The Bible seems to tell us that believers should be brave. “Even though I walk through the darkest valley, I will fear no evil,” said David (Ps. 23:4).
As for me, I can’t even walk to the car without fear. I’m thinking of a Sabbath afternoon when we went to visit some friends at a cabin in the Appalachian Mountains. It was beautiful. We ate food cooked over an open fire and talked until the sun went down. Our friends pointed to where they had seen a bear. “Really? How interesting,” I said.
Night covered the mountain when my wife, Lori, and I decided to head back to the car. A narrow trail wound through the dark woods for about a quarter mile to the parking lot. We chatted as we made progress through the trees. But we talked in a louder-than-normal tone of voice. Then Lori suggested we sing “When the Saints Go Marching In.” We belted out the lyrics with vigor. We sang as if our life depended on it. We hoped that the noise we made would scare the bears before they could smell how delicious we were to eat.
In theory, Christians have nothing to be afraid of. We know this time on earth will pass from view as quickly as chocolate cake at a church potluck. Even death should not scare us, because we know that it is a rest from all our trials. No more pain. No more sorrow. No more telemarketing calls.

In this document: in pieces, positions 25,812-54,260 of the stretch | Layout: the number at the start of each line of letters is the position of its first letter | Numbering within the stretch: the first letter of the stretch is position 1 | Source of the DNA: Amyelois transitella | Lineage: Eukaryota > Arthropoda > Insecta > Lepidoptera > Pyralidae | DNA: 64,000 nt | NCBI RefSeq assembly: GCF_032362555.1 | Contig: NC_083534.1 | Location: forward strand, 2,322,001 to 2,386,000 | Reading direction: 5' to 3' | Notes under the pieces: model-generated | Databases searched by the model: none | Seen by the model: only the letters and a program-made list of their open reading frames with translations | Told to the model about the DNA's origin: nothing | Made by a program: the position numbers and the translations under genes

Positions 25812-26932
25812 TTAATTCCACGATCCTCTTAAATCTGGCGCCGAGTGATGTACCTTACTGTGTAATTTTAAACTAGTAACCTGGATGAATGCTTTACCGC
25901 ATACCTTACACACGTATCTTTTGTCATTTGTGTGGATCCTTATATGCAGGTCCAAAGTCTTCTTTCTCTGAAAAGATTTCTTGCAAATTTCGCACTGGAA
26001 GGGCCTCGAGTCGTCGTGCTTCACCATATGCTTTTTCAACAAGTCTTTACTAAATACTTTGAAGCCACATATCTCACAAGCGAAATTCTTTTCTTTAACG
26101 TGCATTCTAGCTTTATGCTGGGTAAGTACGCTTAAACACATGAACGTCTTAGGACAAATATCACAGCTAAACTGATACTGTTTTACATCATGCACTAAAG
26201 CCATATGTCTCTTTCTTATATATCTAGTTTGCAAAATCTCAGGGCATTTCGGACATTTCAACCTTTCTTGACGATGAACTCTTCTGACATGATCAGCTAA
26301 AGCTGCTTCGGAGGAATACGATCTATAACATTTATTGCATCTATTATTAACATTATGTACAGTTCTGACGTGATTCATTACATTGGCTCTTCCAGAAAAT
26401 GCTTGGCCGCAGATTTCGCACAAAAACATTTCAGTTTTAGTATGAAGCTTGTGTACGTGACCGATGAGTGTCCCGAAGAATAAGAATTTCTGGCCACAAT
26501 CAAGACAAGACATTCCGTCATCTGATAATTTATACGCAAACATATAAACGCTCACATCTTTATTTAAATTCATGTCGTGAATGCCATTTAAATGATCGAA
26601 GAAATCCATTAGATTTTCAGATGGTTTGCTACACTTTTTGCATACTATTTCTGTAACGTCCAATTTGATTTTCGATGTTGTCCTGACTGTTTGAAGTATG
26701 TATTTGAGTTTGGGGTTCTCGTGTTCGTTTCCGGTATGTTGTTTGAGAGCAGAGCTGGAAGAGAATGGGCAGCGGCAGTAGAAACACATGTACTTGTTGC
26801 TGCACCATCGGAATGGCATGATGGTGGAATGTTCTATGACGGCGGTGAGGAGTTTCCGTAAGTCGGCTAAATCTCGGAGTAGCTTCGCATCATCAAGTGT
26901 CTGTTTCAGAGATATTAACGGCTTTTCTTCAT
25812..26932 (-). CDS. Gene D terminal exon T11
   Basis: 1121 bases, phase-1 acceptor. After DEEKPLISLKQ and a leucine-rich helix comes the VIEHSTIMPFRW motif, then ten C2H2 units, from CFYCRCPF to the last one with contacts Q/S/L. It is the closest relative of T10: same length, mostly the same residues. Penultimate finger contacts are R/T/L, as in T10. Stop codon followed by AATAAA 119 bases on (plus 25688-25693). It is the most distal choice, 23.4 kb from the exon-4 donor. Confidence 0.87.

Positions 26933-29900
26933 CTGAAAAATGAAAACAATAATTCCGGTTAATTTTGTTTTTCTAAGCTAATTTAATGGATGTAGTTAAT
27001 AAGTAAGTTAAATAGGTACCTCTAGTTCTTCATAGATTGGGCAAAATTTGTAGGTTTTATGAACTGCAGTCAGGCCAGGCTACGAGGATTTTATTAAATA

But what we know and what we feel are two different things.
Let’s talk about a boy in the South who finds a snake. If it’s a copperhead, the boy will know he should leave it alone. But if he recognizes it as a harmless garter snake, he may catch it. His level of fear depends on the top level of the brain. This is a function of data processing.
Now, when the boy’s mother finds the snake in her bathtub, her reaction may come from a different part of the brain. It is an instinctive 220-volt burst of fear that overwhelms any high-minded analysis about whether or not the snake is dangerous. This is a function of emotion. (By the way, Mom, I know a lot of years have passed, but I’m still sorry about the snake.)